The Balochistan government has claimed that they earn approximately 2 billion rupees every hunting season and appealed to the Supreme Court to allow Houbara hunting to continue. However, hunting the Houbara Bustard is not an issue of economic profiteering but of environmental protection.

In response to the petition by an elder from Balochistan, Jamiat Ulema-i-Islam-Fazl provincial deputy chief Senator Maulana Attaur Rehman, the Supreme Court upheld the ban on the issuance of permits and licenses for the hunting of endangered birds and also ordered the cancellation of all existing permits. Justice Jawwad Khawaja stated that these birds are the country’s assets but ‘we are dolling them out to foreign dignitaries and princes’. He went further to declare these acts as being similar to people selling their souls and bodies.

With this dispute between both opposing parties, it is hard to see whether either one has the best interests at heart- to preserve these birds. For the Supreme Court, hunting amounts to the surrendering of our sovereignty. The Baloch already feel that they do not have sovereignty over their own province. The decision of the Supreme Court to not let the government issue hunting licenses will only reinforce the sentiment. However, the issue is a simpler one and must be framed as such: Pakistani wildlife is endangered and must be protected. Arab princes hunting in Pakistan is not a matter of sovereignty, but of civic responsibility. Licenses must not be issued for the hunting, for the protection of Pakistani and Balochi wildlife, not to scorn rich Arabs.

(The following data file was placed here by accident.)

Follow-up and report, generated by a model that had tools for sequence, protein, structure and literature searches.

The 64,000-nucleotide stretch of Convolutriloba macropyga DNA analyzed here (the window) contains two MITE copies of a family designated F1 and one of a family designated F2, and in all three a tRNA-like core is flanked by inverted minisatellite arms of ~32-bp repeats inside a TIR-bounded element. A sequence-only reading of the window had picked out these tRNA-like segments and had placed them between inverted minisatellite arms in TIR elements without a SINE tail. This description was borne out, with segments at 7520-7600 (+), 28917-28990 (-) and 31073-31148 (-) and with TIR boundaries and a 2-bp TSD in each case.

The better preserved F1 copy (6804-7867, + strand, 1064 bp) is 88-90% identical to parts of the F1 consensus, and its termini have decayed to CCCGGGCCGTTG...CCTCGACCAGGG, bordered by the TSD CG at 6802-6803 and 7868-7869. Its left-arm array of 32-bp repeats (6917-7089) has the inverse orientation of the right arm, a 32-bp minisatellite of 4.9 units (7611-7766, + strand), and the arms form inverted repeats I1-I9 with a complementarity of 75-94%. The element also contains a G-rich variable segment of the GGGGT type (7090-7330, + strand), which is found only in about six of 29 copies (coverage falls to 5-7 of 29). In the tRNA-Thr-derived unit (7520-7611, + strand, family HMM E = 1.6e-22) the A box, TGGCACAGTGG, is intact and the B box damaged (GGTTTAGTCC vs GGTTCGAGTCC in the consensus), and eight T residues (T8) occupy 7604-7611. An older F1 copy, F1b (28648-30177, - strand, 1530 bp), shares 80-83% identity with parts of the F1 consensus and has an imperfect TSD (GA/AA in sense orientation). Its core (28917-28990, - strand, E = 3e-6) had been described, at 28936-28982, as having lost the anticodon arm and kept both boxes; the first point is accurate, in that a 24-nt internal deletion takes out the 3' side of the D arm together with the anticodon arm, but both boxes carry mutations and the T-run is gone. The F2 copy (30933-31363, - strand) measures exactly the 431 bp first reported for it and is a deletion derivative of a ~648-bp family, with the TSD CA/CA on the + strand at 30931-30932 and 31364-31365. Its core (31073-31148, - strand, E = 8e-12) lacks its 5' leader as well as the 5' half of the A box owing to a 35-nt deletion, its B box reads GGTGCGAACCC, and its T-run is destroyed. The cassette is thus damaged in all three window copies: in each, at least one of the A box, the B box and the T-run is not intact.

The Balochi senator was of the view that permitting foreign dignitaries to hunt the bird brought prosperity and welfare not only to the people, but also the province. The dignitaries who come to hunt the bird have not only established certain projects but are also paying Rs 10 million for hunting 50 birds per season. Looking at these figures, it would have been strange if the Supreme Court verdict was not challenged. The economic argument is sound: should we protect animals or should we use the money to protect people? However, hunting is not a sustainable solution to the Balochi welfare problem, and there is no real evidence that the money is doing wonders for the region. The hunting is seasonal and risking losing a species to sport is ethically and morally wrong.

These birds are “vulnerable” according to the International Union for Conservation of Nature (IUCN) Red List of threatened species. Pakistan is signatory to the conventions. With their rapid decline in population, protecting them is a priority of the provincial government, along with the federal- by law. It is, once again, not a case of what belongs to whom, rather of preserving natural diversity.